St Peter’s church at Monkwearmouth is small and modest in its proportions and architecture and can be easily overlooked. It is of course more than 1,340 years old. Its neighbours are the river mouth to the south, the North Sea to the east and just to the north, Britain’s National Glass Centre, a nationally renowned cultural venue and visitor attraction that was sited at Sunderland because of the city’s long association with the industry of glassmaking that began right back in the days of Benedict Biscop.
Hedworth’s ‘bath tub’
In the 1500s Monkwearmouth passed from the monks to local families like the Whiteheads, Widdringtons and Fenwicks and stone was plundered from the old monastery for the construction of a large family house called Monkwearmouth Hall. This hall burned down in April 1790 at a time when it belonged to the Williamson family.
The Williamsons had been owners of Monkwearmouth since the 1640s when it belonged to a Dame Dorothy Williamson who is still recalled in a local street-name. The family moved to an additional home, Whitburn Hall (now demolished) in the 1700s which became their principal residence.
One later influential member of this family was Sir Hedworth Williamson MP, who in the 1830s persuaded parliament to reject a proposal to build a much-needed dock on the south side of the River Wear in favour of a dock on the north side within his land.
The north side dock went against engineering advice and commecial considerations and when this unsuitably small dock opened in 1837 it really set Sunderland back. Considered something of a white elephant and a vanity project, the tiny dock, barely suitable for ships of any significant size, was nicknamed ‘Sir Hedworth’s Bath Tub’.
Worst of all, Sunderland’s commercial fraternity considered that the dock’s location and small size was actually more beneficial to Newcastle than it was to Sunderland. It was a disaster for Williamson, losing him much money. It may have also cost him his seat as Sunderland MP as he subsequently lost out to his rival George Hudson who promised and delivered the larger dock on the south side of the river in 1850. The north dock continued to be used but was never a great success. Today the old ‘bath tub’ is home to Sunderland Marina.
Harry Watts – A life saving hero
A commemorative plaque at the marina recalls a notable Sunderland hero Harry Watts (1826-1913) . Watts who was born at Old Sunderland rescued at least 36 people from drowning during his lifetime both at home and abroad.
Watts was a man who lived an extraordinarily eventful life that was also filled with much personal tragedy and drama. He was the principal diver involved in the recovery effort for Scotland’s Tay Bridge disaster in 1880 and in Sunderland’s Victoria Hall disaster of 1883 in which two of his young relatives were killed.
Watts was noted as a temperance campaigner and a born-again Christian. He nearly ended his life in poverty but in 1909 Sunderland was visited by the American philanthropist Andrew Carnegie who had been granted freedom of the Borough of Sunderland.
Carnegie was told of Watts’ story and held a meeting with the man presenting him with a pension that enabled Watts to live comfortably for the rest of his days. Speaking to the gathering of Sunderland dignitaries Carnegie declared “you should never let the memory of this Sunderland man die”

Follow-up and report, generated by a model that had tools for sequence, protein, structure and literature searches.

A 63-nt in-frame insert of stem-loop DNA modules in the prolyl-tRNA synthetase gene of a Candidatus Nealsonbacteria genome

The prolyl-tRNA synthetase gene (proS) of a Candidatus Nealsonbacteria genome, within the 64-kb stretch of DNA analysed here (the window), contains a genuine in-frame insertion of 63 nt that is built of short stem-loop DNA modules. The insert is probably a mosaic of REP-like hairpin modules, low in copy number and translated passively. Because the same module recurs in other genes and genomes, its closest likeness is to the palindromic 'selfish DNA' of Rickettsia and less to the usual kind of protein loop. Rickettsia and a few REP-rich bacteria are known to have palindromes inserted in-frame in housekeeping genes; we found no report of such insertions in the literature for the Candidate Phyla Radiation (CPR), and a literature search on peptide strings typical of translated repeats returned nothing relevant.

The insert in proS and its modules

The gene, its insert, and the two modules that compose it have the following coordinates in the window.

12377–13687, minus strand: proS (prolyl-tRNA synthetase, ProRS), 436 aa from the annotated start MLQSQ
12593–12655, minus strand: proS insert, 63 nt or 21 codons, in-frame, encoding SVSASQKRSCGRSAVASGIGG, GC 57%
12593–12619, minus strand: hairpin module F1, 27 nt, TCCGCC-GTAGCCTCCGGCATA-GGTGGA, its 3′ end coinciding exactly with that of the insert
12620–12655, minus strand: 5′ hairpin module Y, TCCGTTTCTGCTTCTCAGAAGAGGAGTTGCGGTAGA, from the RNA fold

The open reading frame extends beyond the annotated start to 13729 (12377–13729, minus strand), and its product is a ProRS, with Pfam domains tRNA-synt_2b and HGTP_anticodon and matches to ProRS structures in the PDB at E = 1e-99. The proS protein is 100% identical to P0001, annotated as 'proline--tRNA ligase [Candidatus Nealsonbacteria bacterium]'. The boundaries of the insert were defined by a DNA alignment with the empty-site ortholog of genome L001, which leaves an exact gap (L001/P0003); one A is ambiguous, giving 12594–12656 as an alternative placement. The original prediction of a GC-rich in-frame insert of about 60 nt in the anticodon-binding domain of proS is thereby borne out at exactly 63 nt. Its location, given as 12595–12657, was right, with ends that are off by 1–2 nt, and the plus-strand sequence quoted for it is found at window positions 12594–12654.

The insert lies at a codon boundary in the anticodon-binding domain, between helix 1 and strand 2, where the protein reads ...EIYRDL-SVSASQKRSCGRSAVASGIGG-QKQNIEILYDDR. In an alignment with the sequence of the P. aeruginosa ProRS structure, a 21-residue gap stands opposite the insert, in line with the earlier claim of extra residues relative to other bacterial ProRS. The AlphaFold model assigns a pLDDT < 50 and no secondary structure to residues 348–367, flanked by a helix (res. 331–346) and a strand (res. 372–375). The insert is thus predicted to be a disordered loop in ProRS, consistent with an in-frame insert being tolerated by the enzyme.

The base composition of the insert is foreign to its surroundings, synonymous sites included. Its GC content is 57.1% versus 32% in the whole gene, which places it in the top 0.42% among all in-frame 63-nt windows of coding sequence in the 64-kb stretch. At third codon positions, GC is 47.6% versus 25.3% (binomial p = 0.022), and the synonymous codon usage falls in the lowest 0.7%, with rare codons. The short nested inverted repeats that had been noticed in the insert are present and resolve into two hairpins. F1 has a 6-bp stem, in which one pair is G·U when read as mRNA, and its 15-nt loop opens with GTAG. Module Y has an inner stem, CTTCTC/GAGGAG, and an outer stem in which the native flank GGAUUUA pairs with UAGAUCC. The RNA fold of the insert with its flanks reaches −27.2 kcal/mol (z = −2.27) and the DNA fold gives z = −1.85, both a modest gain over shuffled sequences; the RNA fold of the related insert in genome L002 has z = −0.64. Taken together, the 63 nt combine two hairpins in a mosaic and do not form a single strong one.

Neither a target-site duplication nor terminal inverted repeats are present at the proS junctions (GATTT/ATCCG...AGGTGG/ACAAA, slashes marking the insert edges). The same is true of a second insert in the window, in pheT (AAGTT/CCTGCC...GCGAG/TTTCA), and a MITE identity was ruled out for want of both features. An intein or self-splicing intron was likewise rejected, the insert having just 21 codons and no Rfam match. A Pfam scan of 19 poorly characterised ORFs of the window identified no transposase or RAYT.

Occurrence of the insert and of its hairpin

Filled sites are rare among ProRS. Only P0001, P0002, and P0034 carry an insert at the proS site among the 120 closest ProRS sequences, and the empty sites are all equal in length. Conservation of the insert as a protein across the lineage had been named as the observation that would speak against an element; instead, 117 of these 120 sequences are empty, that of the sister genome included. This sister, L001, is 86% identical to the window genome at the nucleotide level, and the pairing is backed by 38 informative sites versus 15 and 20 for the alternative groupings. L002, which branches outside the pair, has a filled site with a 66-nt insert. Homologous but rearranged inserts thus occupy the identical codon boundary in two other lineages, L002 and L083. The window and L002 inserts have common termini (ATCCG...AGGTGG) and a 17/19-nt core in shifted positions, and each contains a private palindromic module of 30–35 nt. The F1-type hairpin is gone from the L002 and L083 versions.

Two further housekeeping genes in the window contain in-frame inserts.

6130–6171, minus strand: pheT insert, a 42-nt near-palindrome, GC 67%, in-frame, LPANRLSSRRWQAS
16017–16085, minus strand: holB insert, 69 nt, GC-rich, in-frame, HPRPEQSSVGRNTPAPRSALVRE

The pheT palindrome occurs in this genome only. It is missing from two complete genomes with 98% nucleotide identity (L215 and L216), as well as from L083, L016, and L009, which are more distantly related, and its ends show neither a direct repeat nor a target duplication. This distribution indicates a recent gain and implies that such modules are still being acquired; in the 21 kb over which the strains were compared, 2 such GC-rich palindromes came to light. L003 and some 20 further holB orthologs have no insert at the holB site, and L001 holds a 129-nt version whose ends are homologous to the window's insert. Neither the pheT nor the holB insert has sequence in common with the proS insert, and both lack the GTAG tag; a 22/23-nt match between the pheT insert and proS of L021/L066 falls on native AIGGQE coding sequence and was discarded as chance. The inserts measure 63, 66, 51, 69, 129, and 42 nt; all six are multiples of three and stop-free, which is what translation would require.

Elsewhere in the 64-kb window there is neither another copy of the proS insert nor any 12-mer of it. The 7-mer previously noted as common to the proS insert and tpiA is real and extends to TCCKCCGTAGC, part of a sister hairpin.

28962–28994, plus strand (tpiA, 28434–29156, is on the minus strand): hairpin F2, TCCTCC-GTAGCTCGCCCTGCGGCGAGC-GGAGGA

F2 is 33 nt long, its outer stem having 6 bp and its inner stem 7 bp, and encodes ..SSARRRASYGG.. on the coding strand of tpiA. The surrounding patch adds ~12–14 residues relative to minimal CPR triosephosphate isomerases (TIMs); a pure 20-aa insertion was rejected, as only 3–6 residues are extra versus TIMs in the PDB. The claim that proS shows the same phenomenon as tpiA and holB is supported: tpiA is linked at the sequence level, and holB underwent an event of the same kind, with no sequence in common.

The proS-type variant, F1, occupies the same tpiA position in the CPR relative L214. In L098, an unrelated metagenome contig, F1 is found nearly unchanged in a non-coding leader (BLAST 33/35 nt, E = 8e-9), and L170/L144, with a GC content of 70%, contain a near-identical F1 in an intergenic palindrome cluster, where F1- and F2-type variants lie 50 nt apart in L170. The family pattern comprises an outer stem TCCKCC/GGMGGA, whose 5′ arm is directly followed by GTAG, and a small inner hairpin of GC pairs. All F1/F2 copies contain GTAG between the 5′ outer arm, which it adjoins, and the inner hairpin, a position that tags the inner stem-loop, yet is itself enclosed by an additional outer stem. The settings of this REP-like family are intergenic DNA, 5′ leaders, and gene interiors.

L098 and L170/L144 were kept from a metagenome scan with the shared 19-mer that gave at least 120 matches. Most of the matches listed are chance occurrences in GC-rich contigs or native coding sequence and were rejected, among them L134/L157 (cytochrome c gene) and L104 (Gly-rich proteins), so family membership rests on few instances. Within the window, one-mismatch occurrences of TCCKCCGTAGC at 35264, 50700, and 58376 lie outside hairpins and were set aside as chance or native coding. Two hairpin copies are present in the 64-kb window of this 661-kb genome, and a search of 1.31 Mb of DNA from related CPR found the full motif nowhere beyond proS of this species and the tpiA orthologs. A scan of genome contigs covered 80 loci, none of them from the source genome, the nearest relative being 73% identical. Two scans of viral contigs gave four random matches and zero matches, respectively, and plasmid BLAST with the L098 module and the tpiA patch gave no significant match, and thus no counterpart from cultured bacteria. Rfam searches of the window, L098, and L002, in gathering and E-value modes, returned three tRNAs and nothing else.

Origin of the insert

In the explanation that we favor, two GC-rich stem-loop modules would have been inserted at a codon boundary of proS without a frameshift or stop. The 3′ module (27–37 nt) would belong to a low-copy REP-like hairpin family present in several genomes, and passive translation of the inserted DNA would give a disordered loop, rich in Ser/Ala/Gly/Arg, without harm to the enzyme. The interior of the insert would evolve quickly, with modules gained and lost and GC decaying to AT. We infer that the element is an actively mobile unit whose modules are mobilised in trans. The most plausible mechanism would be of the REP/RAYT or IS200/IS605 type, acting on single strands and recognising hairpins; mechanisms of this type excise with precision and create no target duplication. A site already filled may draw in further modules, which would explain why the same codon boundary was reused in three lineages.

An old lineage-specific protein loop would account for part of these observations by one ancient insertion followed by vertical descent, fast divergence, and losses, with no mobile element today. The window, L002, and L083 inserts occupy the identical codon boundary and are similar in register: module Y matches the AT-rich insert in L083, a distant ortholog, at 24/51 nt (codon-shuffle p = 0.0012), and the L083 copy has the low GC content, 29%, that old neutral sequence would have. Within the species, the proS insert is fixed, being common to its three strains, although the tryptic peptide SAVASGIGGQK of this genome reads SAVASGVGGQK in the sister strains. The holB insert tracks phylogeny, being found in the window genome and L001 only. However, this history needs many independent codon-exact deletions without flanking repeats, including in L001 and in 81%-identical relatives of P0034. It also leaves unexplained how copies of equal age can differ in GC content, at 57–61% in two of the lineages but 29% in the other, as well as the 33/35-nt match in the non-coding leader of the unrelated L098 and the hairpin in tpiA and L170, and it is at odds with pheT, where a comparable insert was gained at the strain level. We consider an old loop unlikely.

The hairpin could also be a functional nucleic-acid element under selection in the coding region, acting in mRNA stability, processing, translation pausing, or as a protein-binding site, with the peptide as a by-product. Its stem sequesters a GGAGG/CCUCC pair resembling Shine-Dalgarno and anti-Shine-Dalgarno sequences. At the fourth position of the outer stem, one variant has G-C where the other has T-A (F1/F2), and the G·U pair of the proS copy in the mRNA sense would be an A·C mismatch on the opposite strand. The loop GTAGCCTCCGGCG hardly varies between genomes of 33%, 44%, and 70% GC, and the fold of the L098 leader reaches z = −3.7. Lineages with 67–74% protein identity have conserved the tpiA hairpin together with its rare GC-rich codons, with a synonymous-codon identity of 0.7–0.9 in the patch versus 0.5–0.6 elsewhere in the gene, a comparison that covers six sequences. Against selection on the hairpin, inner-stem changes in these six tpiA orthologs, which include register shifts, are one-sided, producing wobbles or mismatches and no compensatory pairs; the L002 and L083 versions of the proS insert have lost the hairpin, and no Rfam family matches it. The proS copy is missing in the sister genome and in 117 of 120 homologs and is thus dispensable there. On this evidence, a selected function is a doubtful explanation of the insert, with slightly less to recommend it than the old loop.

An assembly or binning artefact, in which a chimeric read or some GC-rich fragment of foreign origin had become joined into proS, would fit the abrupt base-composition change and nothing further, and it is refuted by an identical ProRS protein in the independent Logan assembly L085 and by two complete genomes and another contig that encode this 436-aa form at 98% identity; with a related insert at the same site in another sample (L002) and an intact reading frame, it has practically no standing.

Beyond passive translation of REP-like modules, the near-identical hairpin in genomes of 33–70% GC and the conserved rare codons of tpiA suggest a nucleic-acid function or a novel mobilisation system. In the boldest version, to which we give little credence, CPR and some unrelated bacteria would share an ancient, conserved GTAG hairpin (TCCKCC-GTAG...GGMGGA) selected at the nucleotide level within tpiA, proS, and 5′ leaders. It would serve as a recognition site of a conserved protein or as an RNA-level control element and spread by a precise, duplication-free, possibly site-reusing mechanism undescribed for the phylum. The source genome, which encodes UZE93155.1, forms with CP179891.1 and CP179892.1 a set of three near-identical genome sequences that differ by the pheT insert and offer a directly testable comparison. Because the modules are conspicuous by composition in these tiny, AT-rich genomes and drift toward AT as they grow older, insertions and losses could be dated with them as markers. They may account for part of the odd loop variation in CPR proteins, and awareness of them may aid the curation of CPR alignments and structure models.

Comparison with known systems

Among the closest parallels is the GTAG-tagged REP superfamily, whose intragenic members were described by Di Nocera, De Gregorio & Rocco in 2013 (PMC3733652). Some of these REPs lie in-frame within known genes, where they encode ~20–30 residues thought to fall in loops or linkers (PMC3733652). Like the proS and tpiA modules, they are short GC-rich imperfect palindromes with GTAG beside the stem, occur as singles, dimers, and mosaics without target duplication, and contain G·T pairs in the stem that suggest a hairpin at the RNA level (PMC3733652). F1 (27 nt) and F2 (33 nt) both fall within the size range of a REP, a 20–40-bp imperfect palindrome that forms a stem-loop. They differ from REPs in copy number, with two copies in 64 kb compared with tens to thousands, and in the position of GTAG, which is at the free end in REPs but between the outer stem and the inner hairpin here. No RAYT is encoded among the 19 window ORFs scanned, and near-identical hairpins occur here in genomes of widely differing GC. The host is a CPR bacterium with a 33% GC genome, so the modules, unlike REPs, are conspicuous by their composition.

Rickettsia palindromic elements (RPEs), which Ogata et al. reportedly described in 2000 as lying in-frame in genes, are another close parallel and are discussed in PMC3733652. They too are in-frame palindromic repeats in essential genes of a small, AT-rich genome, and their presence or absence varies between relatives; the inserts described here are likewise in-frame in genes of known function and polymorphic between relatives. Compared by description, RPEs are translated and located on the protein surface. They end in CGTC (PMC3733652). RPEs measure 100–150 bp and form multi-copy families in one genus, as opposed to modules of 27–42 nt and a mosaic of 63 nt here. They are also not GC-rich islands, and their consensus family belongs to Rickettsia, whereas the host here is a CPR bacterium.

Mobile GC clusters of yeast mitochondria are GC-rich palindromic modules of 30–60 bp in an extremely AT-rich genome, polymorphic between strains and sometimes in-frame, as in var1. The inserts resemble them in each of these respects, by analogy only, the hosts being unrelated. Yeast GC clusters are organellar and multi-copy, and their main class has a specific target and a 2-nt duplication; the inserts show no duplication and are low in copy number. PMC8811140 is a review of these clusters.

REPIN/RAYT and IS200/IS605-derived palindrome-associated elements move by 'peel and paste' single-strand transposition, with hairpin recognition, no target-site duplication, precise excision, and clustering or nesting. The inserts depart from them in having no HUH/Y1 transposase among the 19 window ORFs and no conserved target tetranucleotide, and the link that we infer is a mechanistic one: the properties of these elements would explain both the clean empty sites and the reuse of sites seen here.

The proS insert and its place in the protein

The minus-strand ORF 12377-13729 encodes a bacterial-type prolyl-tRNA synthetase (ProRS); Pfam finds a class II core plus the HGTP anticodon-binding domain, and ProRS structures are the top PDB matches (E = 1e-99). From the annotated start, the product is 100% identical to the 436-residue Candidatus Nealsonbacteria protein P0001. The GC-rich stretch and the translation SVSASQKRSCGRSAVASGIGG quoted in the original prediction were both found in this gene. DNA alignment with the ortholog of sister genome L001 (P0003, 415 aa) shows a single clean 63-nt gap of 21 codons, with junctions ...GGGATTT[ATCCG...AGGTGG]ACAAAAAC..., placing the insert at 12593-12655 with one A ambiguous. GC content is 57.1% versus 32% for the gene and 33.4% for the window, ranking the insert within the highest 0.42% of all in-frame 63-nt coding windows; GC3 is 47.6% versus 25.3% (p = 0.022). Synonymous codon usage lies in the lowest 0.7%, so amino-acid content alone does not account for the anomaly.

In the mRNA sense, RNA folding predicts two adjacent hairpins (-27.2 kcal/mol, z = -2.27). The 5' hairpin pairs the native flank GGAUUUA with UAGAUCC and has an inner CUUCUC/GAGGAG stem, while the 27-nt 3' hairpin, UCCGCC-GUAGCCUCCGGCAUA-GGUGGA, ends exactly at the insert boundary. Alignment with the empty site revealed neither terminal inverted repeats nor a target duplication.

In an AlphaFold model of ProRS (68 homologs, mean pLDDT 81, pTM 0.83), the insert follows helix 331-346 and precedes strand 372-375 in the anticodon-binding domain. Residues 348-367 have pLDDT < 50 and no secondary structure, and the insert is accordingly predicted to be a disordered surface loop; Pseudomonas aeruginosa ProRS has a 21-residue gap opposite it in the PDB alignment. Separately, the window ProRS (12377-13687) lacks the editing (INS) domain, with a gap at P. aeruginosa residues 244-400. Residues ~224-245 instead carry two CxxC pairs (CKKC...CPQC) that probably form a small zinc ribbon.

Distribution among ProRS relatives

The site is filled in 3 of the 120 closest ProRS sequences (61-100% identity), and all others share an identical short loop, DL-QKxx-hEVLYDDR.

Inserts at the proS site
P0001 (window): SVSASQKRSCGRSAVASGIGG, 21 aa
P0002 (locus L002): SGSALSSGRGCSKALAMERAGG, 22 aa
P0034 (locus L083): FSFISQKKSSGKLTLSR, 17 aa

George Hudson – the Railway King
George Hudson (1800-1871), who defeated Hedworth Williamson in the Sunderland election was MP for Sunderland from 1845 to 1859 and was one of the most important figures in the industrial history of Britain.
Known as the ‘Railway King’, Hudson, a Yorkshireman, was a wealthy banker who invested huge sums of money in the development of railways often employing the Tyneside engineer George Stephenson to the task. In the 1840s Hudson linked Newcastle to Darlington and thus to London via the railway and much of his northern railway network was centred on Hudson’s native York as it still is today. Hudson had a massive impact on the development of the railways in Britain although his schemes were often funded through dubious financial practices that would certainly have seen him imprisoned by the standards of modern financial practice.
Hudson leaves two major legacies in Sunderland. One is the Hudson Dock on the south side of the River Wear and the other is the impressive Monkwearmouth Station. This former station, now the Monkwearmouth Station Museum, was built in 1848 by the architect Thomas Moore for Hudson and is extraordinarily handsome for a relatively small railway terminus drawing praise from the architectural historian Nikolaus Pevsner.
Though it closed as a station in 1967 it is a testimony to Hudson’s wealth and ambition. The museum, which has a number of interesting displays includes a booking office from 100 years ago. Originally the station was the terminus for a line from the north, but the railway was extended across the river in 1879 by a new railway bridge alongside the Wearmouth Bridge. The line linked Monkwearmouth to a new station in the centre of Sunderland across the river to the south.
Colliery and Stadium of Light
Monkwearmouth’s most obvious landmark today is Sunderland FC’s Stadium of Light. It was built in 1997 on the site of the Monkwearmouth Colliery on the banks of the River Wear. The colliery, sunk in the 1820s had been one of the most important in the region from the very beginning right up until its closure in 1993. When it closed, the Monkwearmouth mine was the last remaining colliery in the Durham coalfield, a coalfield that had been worked for at least 800 years.
The 1820s and the 1830s when the mine opened was a comparatively late period for coal mining development in County Durham, but Sunderland lay within eastern Durham, where the coal was deep beneath the Magnesian Limestone geology. Coal had not been mined in this area before that time as the very existence of coal in eastern Durham was not proven until the 1820s. Once proved mines began to open, startng with the opening of a colliery at Hetton-le-Hole to the south of Sunderland.
It is apt that the Stadium of Light regularly attracts crowds in the region of 48,000, many of whom come not just from Sunderland but from the many corners of the former Durham coalfield and beyond, including significant support from parts of Tyneside like South Shields and Jarrow. The stadium is named from the miners who emerged into the light from the deep Sunderland mine on which the stadium stands, carrying their miners’ lamps
Perhaps coincidentally, there are two other ways in which the stadium’s name seems appropriate. Firstly, Monkwearmouth was, as we have noted, a centre of light and learning in the days when Dark Age Europe was emerging into the light. Secondly, the year 1879 in which the Sunderland Football Club was formed was the year in which the American Thomas Edison reputedly invented the light bulb. However, it was only the year before, that a Sunderland man, Joseph Swan first brought this light to the world.